Ljerka Prester, Veda Marija Varnai and Jelena Macan
The CD14 receptor is expressed on the surfaces of monocytes, macrophages, and, to a lesser extent, of activated granulocytes and B lymphocytes (mCD14). It also exists in soluble form in the serum (sCD14), in which it binds microbial compounds and indoor allergens. The objectives of this study were to see whether serum sCD14 concentrations could be used as a marker of atopic disorders and to estimate the effects of environmental factors (tobacco smoke exposure, childhood residence in urban or rural areas, and having a pet) on sCD14 and IgE values. Mass fraction of sCD14 and total IgE were determined in the sera of atopic (N=53) and non-atopic (N=35) participants using the standard enzyme-linked immunosorbent assay. Exposure to pets and environmental tobacco smoke was estimated based on the International Study of Asthma and Allergies in Childhood questionnaire (ISAAC). Median sCD14 concentration was significantly lower in atopic than in non-atopic girls (3.49 vs. 3.83 μg mL-1; p<0.010). The number of smokers at home positively correlated with the sCD14 level in atopics, and urban atopics had significantly lower sCD14 levels than rural atopics (3.47 vs. 3.92 μg mL-1, p=0.028). Median total IgE concentration was significantly lower in atopic pet owners than in atopics with no pets (161 vs. 252 kIU L-1; p=0.021). In conclusion, while sex and environmental factors might be involved in sCD14 expression, particularly in atopics, we found no correlation between sCD14 and total IgE concentrations. The usefulness of sCD14 as a marker of atopic disorders should be investigated further, particularly in relation to the severity of allergic disorders.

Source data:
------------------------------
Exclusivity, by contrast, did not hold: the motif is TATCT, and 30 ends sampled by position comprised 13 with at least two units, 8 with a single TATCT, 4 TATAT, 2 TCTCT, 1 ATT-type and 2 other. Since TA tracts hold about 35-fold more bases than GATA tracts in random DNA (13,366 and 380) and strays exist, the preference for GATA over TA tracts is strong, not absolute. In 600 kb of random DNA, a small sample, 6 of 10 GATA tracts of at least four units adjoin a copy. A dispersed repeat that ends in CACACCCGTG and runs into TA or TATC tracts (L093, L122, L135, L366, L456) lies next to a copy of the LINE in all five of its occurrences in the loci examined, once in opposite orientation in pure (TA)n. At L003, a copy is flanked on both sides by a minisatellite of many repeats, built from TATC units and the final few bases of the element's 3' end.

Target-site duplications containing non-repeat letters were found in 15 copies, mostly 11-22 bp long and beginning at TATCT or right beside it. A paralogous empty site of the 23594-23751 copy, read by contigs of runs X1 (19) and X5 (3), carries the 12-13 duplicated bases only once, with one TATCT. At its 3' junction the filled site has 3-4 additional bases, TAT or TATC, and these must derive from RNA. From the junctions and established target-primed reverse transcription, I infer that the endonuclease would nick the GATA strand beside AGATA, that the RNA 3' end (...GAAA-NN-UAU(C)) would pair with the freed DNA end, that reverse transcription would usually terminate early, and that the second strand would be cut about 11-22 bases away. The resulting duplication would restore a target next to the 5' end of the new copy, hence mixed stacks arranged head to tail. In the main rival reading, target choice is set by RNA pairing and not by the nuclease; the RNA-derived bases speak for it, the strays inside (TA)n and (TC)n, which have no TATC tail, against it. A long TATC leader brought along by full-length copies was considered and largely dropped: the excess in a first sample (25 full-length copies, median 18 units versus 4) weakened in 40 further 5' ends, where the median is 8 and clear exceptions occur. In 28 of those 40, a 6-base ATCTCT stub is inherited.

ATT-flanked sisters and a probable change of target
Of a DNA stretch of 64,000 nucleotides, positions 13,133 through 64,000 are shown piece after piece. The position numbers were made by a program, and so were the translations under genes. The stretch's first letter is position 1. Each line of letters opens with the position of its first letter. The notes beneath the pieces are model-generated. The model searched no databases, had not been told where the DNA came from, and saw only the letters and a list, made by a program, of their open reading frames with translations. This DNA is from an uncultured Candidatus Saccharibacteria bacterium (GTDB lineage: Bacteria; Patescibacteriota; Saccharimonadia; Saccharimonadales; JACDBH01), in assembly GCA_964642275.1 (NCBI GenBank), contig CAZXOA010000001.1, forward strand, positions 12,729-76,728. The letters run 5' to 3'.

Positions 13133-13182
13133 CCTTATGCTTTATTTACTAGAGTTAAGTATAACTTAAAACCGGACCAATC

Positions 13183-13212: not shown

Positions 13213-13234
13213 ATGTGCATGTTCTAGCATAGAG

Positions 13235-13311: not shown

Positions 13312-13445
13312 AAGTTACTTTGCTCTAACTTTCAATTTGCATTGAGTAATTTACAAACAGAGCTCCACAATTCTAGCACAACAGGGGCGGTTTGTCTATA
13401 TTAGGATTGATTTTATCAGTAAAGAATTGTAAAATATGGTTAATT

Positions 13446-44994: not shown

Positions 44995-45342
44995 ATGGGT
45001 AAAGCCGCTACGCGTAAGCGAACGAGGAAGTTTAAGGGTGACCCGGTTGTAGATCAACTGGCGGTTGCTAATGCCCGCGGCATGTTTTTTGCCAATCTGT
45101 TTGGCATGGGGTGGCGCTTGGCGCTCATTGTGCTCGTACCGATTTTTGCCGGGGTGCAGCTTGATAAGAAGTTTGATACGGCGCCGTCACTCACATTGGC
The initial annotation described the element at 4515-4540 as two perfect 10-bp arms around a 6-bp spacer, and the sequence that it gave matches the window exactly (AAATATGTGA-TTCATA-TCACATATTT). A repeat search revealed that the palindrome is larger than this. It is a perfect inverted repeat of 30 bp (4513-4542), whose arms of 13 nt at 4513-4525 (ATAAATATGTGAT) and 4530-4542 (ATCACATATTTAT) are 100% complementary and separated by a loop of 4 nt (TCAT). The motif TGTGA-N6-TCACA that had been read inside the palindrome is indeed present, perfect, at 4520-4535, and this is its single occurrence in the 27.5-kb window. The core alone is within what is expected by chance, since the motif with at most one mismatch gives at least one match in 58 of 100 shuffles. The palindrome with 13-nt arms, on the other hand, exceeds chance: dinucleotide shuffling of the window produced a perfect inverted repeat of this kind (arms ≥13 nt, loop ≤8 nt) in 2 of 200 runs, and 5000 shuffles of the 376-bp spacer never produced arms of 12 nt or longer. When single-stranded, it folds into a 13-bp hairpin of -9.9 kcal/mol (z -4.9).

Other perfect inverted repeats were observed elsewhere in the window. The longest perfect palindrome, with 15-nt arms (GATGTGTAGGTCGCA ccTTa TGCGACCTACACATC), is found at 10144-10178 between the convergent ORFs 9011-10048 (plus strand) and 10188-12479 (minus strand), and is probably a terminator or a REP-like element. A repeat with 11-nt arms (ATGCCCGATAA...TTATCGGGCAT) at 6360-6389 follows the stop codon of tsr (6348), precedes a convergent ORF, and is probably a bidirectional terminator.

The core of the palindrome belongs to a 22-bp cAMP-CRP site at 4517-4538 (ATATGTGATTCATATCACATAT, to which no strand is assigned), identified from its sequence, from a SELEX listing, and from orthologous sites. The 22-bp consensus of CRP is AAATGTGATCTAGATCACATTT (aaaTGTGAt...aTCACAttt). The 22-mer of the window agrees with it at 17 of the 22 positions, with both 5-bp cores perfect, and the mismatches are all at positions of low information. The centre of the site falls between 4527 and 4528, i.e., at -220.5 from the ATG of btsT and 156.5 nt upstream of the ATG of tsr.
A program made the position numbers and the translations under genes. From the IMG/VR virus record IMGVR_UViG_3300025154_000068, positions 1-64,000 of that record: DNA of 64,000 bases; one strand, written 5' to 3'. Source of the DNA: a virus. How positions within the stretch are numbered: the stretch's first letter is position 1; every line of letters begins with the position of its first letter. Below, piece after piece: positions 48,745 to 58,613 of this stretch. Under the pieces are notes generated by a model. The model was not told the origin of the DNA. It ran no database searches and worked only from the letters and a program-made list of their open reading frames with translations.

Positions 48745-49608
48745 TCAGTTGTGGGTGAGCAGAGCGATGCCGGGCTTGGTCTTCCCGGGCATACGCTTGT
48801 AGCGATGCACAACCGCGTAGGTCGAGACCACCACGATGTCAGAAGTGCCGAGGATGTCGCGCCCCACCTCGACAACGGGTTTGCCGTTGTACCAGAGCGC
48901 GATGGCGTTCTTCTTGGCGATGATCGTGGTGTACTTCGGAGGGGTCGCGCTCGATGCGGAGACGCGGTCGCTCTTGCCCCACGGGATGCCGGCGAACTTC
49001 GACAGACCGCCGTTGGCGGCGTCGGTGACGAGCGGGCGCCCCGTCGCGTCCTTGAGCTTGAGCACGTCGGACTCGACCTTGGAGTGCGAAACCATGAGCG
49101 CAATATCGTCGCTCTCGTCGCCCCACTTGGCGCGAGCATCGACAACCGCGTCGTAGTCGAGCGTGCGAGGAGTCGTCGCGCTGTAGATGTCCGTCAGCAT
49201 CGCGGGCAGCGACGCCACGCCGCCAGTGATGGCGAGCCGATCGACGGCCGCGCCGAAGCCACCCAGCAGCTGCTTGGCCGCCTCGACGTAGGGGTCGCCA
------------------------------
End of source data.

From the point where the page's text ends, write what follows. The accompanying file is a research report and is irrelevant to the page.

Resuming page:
Adrijana Košćec Bjelajac, Jasminka Bobić, Jelena Kovačić, Veda Marija Varnai, Jelena Macan and Šime Smolić
The aim of this study was to examine mental health and cognitive functions in older Croatian workers (50–65 years) taking into account their employment status, self-assessed health, and a set of demographic characteristics. We analysed the data collected on 650 older workers (71 % employed) in the Wave 6 of the Survey of Health, Ageing and Retirement in Europe (SHARE). Unemployed workers reported symptoms of loneliness more often than the employed, while in rural areas unemployment was additionally associated with more pronounced symptoms of depression. Feeling of loneliness was also higher in those living without a partner in the household and in those with poorer health. In urban residents symptoms of depression were more severe in women, respondents with higher education, those living without a partner, and those who rated their health as poorer. As for cognitive functions, unemployment significantly predicted poorer subtraction in the rural subsample. Women in general showed less efficient numerical abilities. In the urban subsample poorer numerical abilities were also associated with lower education and living without a partner in the household. Better verbal recall was predicted by higher education and better self-rated memory. Higher scores in verbal fluency were predicted by urban residency and better self-rated health. Our results indicate that the protective factors for good mental health and cognitive functioning in older Croatian workers are being employed, having more education, living with a partner in the household, and being healthier. These findings stress the importance of implementing broader social policy strategies covering employment, education, and health.